Columbus tries to 'establish a culture' in its football program

Columbus tries to 'establish a culture' in its football program

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Chance Colby

Chance Colby has been one of the top offensive producers for the Columbus Community football team the past couple of years. The Wildcats will need someone else to emerge this fall. 

COLUMBUS JUNCTION, Iowa — The Columbus Community football team is aware of its reputation. 

The Wildcats also know that it isn't going to change overnight.

But they’re prepared for the long-haul.

The team’s credo this season is “Day by day, the Wildcat way.” Which is to say, the only path towards restoring what was once a powerhouse of a football program is to do so a little bit at a time.

“People say, 'Oh, it’s Columbus, easy game,'" junior Will Schwab said. “I want to change that to 'We’re playing Columbus, it’s going to be a (fight) instead of everyone walking in thinking we’re a cakewalk.'"

The 2019 Wildcats want to be a catalyst of sorts for a more successful future for not only the team but the school and the town as well.

“Last year … we had a really rough year,” junior Mason Hodges said. "We want to win some games and turn this program around and we want to have the community behind us."

After going 11-35 the past five seasons, new head coach Tyler Kibbee is focused on ushering in a new culture around Columbus football.

“We’re trying to establish a culture here,” Kibbee said. “We’re trying to decide who we want to be and how we want to do it.”

And it comes at a good time for the Wildcats, too.

Columbus’ roster does have a number of seniors on it, but it also features several key players who will be in a Wildcat uniform beyond this season.

“We (want) to keep it as a family,” junior Trevor Bright said.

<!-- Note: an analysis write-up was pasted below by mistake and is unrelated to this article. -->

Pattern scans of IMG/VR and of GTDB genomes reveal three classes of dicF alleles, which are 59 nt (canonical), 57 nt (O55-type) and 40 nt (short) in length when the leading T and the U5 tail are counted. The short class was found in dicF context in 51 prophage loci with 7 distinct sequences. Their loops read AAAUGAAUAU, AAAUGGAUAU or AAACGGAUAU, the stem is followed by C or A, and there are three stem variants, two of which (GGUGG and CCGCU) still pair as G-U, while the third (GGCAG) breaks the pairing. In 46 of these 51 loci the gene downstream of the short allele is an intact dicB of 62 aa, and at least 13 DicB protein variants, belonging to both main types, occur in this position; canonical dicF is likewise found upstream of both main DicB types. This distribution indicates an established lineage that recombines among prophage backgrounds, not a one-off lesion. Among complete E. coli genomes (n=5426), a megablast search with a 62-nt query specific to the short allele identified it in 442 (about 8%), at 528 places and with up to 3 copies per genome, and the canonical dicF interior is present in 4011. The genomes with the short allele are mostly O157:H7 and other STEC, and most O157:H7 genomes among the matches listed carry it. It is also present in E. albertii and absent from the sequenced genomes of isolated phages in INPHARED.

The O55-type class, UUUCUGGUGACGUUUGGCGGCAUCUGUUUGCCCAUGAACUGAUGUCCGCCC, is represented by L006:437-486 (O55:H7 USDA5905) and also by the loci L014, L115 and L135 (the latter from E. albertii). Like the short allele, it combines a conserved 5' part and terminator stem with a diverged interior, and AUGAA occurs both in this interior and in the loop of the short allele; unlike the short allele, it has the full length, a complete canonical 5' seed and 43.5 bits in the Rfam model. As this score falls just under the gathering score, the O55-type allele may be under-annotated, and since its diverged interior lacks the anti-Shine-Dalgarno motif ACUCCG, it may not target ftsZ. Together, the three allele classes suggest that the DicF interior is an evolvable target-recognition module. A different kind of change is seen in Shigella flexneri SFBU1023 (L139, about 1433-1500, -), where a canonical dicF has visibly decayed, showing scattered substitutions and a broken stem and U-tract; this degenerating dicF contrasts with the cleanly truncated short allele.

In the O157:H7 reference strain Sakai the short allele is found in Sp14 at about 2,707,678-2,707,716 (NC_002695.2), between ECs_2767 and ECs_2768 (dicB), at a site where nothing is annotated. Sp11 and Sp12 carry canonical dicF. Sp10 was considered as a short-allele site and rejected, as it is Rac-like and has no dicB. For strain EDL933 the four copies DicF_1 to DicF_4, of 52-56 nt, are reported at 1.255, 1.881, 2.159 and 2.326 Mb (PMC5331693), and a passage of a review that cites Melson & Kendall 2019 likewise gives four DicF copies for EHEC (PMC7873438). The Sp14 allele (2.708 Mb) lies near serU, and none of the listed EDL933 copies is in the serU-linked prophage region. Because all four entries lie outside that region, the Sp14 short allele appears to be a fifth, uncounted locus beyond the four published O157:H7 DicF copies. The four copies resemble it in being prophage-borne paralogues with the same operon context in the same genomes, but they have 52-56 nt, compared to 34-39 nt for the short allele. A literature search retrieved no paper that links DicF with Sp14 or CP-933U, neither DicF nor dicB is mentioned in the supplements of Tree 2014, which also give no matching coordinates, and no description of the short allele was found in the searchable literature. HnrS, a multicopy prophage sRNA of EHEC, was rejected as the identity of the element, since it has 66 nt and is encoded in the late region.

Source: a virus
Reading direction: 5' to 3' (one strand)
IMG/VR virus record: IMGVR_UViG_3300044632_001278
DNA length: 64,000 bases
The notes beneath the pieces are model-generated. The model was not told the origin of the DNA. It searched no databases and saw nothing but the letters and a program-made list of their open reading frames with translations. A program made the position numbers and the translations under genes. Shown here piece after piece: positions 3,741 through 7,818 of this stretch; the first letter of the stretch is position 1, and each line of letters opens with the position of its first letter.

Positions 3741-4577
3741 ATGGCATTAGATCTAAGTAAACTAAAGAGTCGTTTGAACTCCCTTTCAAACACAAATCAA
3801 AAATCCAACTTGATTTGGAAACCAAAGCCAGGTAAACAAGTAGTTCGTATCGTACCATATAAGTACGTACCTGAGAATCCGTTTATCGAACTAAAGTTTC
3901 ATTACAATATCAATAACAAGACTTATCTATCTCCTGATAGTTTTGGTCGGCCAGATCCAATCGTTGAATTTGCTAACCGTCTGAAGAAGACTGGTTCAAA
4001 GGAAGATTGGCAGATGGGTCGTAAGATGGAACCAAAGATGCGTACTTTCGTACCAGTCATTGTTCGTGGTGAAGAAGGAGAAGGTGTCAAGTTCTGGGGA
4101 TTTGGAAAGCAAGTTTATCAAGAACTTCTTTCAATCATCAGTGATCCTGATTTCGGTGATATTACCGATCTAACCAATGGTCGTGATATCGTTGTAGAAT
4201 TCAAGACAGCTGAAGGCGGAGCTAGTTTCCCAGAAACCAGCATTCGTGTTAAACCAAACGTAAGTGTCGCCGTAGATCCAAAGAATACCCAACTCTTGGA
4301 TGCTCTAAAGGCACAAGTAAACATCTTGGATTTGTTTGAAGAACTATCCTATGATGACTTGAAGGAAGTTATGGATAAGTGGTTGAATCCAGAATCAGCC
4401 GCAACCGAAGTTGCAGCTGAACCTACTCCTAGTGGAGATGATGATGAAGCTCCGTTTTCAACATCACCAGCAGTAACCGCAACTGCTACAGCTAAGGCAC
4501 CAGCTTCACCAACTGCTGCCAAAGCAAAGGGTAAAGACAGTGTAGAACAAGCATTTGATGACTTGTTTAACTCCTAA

Offensively, Bawi UK will take over at quarterback for Chance Colby (who’s now playing at William Penn). But the Wildcats do bring back a rather experienced receiving corps.

Senior Jamie Villegas brought in 12 receptions for 112 yards and a score as a junior. Bright is back after a five-catch, 101-yard performance a year ago that included two trips to the end zone.

And then there’s Schwab, who almost assuredly will see touches this season.

As a sophomore in 2018, Schwab had less than a catch per game. But when he did get to touch the pigskin, he was sensational. Schwab turned seven catches into 144 yards and three touchdowns, good for an average of 20.6 yards per catch. He’ll almost certainly see the ball more as he’s in line to be moved to running back so that Columbus can get him the ball via handoff or pass.

Anything near the level of efficiency he’s shown, coupled with an uptick in volume, could solve several of the Wildcats’ problems.

However, Schwab is also almost assuredly to see an increase in attention given to him by the defense as well. Regardless, the Wildcats aren’t waiting around for anybody.

“Over the summer, we’ve established our tempo,” Kibbee said. "We want to maximize our time … we want to play fast and we want to play aggressive.”

Though Colby will be incredibly tough to replace as a signal-caller, there’s just as big, if not bigger, shoes to fill on defense.

Colby and Jose Cerezo, who also graduated, had 80.5 and 79 total tackles (solo tackles plus tackle assists) last season, respectively. Schwab was next with 68.

Given the nature of the sport, football is long on practice but short on games. Thus, the Columbus Wildcats will have quite a bit of time to improve, just a lot less time to prove it.

Columbus dropped its season opener Friday night to Cardinal (Eldon), 38-0.

“We earn everything,” Kibbee said. “We learn together, grow together and just give great effort, that’s what we’re focused on.”


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